This article aims to reexamine the principles of professional responsibility developed by organizations such as the National Association of Schools Theatre, the National Endowment for the Arts and others, and to reconsider them in relation to specific pressing contemporary moral issues. Theatre practitioners who attempt to lead moral lives have always been concerned with ethics. Throughout Stanislavski's books and notes, for example, is the sense that the question of ethics occupied him throughout his professional life. In fact, he was so strongly committed to the highest ethical values that he endorsed the use of autocratic discipline to achieve his goals. The sense of a play embodying an ethic or a morality is what many feel distinguishes drama as an art. Yet currently theatre education is in serious danger of forfeiting the moral authority claimed for it chiefly because of the uncontrolled pursuit of self-interest which is rampant in theatre programs. Increasing pressures for theatre programs to defend their self-interests have made the study of ethics important in a new way. Such an important undertaking, however, should not be attempted in a void. Seriously examining ethical principles in theatre education also requires an understanding of the basic principles of professional ethics in general. Conflicts about moral questions involved in professional decisions generally boil down to basic ethical concepts. These are the concepts that occupy the attention of ethics thinkers and they are as fundamental to ethics as Aristotle's concepts are to drama: they are the basic building blocks. In Ethics and the Professions, Applebaum and Verone list the basic ethical concepts as autonomy, doing good and avoiding harm, protectivism and rights. The most basic is autonomy, or what we would call freedom of the individual, which is the subject of this paper.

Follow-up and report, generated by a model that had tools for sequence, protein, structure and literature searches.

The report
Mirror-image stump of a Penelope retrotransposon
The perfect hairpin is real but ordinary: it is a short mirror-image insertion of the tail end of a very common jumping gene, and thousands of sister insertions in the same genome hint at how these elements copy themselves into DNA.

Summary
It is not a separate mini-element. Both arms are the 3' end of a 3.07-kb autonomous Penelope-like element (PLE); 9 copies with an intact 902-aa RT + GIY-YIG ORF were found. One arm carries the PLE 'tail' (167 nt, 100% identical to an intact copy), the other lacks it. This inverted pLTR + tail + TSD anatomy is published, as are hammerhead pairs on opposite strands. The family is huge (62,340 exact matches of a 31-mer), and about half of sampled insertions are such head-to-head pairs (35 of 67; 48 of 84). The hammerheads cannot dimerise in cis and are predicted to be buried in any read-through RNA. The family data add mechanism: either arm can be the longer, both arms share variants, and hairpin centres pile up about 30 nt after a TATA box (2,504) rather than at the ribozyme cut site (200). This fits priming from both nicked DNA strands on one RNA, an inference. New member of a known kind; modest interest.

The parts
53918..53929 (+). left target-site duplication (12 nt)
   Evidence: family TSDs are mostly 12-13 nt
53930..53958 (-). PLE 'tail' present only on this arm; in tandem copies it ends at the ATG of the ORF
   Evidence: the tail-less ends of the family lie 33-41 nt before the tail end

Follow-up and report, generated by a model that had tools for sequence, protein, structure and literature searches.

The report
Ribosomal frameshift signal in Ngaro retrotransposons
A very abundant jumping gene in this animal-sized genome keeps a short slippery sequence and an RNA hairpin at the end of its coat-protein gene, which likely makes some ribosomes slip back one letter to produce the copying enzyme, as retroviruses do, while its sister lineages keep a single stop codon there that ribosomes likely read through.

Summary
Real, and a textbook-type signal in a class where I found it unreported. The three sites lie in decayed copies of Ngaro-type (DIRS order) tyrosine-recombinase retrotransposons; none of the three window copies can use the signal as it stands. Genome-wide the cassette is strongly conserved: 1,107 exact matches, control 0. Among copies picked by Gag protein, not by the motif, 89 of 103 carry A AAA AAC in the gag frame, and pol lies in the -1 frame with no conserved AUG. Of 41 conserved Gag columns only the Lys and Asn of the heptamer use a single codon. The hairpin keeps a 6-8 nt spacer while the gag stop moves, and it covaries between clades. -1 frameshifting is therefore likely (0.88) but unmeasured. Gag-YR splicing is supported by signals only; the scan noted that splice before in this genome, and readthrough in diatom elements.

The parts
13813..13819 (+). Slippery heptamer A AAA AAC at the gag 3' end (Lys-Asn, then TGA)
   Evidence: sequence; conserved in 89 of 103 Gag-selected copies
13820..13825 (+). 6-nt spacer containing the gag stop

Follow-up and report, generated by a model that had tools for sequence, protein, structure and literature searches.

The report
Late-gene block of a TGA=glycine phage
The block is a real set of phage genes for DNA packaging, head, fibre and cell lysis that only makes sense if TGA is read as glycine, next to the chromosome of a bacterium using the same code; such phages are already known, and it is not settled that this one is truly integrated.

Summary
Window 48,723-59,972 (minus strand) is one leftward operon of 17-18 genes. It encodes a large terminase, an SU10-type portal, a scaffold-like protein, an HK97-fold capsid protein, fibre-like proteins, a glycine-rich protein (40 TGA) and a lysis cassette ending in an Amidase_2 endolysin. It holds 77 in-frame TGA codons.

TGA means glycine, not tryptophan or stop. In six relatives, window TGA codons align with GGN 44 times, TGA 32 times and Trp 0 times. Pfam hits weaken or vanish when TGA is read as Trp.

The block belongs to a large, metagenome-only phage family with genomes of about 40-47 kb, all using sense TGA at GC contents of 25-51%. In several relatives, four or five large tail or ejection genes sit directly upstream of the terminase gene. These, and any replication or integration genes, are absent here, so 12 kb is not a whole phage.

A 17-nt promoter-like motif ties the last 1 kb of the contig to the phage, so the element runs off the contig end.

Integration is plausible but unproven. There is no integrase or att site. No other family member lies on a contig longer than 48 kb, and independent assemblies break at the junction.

Thomas, J. (1993). Empowering the individual: The concept of individual freedom in theatre education. Journal of the Association for Communication Administration, 22(2), 29–34.